Breathe in, breathe out. Taking a deep breath to enjoy the fresh air while you’re surrounded by trees is inevitable. But can you do the same thing at your own home? How sure are you that the air inside, the air that surrounds you day in and day out, is safe?
The US Environmental Protection Agency (EPA) states that the air inside our homes is three times more polluted than the outside air, and that paints and finishes are some of the top contributors to this hazard.
We all know that the smell of paint can be toxic – that’s why we wear face masks to protect ourselves while paint is being applied to our walls. However, what most people aren’t aware of is that paints and finishes continue to release low level toxic emissions inside the home years after they have been applied. This is because the effectivity of many paints and finishes in the past relied heavily on toxic volatile organic compounds (VOCs).
Fortunately, awareness of the hazards of paints and finishes, and current environmental regulations has persuaded manufacturers to develop low-VOC and zero-VOC paints and finishes.
Not only are non-toxic paints and finishes safe for both the environment and people, they are cost-effective, durable and are easily to washed off since they are water-based. They are not considered to be hazardous waste.
So, what does non-toxic mean? Does this mean that non-toxic paints and finishes are so safe that you can consume them and not have anything happen to you? Uhh, no.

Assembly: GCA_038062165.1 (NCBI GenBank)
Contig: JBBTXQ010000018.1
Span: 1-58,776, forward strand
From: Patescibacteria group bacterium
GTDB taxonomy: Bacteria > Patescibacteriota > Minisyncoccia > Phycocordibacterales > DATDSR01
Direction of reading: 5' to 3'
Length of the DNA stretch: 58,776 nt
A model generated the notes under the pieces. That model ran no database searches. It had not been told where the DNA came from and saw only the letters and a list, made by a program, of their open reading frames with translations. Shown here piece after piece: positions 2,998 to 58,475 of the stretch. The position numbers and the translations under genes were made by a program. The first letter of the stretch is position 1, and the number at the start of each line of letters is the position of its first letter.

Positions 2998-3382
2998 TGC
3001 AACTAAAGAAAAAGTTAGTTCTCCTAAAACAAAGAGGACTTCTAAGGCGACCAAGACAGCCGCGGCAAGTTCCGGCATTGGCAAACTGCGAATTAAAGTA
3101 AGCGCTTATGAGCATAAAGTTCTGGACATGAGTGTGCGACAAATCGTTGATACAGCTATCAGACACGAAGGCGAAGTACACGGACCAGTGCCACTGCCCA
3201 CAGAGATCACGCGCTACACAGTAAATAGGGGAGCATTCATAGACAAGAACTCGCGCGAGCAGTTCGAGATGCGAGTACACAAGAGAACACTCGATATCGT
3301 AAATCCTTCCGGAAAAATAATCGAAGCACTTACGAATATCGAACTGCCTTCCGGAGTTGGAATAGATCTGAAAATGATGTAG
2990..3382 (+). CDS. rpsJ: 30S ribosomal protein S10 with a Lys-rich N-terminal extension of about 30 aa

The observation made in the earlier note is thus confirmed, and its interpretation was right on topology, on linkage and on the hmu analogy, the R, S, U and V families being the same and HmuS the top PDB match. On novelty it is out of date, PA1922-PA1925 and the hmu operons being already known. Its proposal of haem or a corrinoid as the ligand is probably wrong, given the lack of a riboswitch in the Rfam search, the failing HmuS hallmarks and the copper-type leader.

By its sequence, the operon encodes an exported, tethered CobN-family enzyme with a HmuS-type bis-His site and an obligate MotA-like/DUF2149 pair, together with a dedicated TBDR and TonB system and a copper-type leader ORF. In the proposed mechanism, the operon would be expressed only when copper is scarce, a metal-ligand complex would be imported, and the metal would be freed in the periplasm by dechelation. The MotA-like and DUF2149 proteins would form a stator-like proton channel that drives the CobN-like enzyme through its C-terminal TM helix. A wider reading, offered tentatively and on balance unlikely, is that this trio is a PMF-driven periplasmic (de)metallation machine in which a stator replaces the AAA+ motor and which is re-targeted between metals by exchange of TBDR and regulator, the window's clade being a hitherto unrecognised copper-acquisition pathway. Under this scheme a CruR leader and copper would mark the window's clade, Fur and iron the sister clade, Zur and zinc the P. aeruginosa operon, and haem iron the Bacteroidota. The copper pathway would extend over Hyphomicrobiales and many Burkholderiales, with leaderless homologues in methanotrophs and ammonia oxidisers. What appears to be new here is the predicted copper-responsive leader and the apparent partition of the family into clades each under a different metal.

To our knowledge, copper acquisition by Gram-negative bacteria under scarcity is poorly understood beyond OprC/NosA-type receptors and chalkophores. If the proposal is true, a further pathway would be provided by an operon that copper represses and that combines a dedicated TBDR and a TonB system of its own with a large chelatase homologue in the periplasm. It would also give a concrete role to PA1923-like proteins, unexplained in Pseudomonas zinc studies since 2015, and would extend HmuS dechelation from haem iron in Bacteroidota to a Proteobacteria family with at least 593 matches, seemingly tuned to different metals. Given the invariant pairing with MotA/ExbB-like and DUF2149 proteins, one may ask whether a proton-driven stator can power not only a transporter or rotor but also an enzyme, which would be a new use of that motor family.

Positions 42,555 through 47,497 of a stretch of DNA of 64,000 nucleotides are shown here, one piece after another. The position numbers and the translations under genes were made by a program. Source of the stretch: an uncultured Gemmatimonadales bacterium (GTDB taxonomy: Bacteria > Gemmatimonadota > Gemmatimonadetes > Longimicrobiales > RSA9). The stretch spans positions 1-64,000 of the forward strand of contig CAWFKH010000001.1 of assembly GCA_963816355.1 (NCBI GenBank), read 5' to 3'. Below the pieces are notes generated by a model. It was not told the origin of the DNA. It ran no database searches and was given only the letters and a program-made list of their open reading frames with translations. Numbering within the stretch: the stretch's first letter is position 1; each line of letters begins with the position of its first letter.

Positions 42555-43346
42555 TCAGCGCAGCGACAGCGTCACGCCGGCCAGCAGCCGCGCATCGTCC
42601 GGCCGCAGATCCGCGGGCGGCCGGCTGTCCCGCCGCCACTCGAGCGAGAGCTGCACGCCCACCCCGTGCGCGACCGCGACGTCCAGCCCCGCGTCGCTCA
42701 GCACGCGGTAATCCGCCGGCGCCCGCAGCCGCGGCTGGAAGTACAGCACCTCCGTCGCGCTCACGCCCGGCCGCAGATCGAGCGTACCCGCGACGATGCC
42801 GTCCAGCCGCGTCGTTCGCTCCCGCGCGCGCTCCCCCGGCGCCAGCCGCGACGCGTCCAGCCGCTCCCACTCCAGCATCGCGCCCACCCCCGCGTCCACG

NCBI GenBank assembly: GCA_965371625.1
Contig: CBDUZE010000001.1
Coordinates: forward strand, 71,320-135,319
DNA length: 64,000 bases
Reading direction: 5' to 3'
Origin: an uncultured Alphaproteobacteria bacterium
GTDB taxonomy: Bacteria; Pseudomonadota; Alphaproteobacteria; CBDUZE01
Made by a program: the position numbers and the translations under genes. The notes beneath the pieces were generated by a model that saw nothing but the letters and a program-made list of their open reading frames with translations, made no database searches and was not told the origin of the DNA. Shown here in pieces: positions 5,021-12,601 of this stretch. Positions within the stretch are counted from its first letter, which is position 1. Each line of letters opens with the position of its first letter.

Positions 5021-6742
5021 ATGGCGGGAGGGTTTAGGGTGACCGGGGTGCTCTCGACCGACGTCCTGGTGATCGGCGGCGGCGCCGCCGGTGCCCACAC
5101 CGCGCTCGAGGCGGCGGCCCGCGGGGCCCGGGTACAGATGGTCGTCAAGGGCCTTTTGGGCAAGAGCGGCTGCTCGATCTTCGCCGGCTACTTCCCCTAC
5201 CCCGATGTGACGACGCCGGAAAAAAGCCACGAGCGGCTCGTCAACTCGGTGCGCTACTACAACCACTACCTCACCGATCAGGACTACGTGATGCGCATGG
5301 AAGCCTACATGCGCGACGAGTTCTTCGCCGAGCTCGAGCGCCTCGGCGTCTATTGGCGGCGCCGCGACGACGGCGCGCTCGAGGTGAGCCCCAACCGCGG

“Non-toxic” is used broadly. The term deals more with toxicity levels, rather than a claim that paints or finishes are not toxic at all. Even paints and finishes that are said to have zero-VOC have some miniscule amounts of toxins. “Non-toxic” simply means that they are safe for usage and breathing, but they’re unsafe for drinking. Just being logical here.
Non-toxic paints and finishes are divided into three categories – namely, Natural Paints and Finishes, Zero VOC and Low VOC.
Natural paints and finishes are considered to be the safest and most environmentally friendly since they are made from natural raw ingredients such as water, plant oils and dyes, and natural minerals such as chalk and clay.
Paints and finishes with zero VOC are those which have been tested by the EPA and have been found to have 5 grams/liter or less of VOCs. Although some manufacturers claim that their paints and finishes have “zero VOC”, some may use biocides, colorants and fungicides that contain VOC.
Low VOC paints, on the other hand, contain less than 200 grams/liter of VOCs, while varnishes and finishes contain less than 300 grams/liter.
Choosing the right kind of non-toxic paint is as vital as breathing. After all, the paint that you apply to the interior of your home affects your breathing itself.
So, breathe in and breathe out. You may not be surrounded by mountains, but at least you’re sure your air is safe.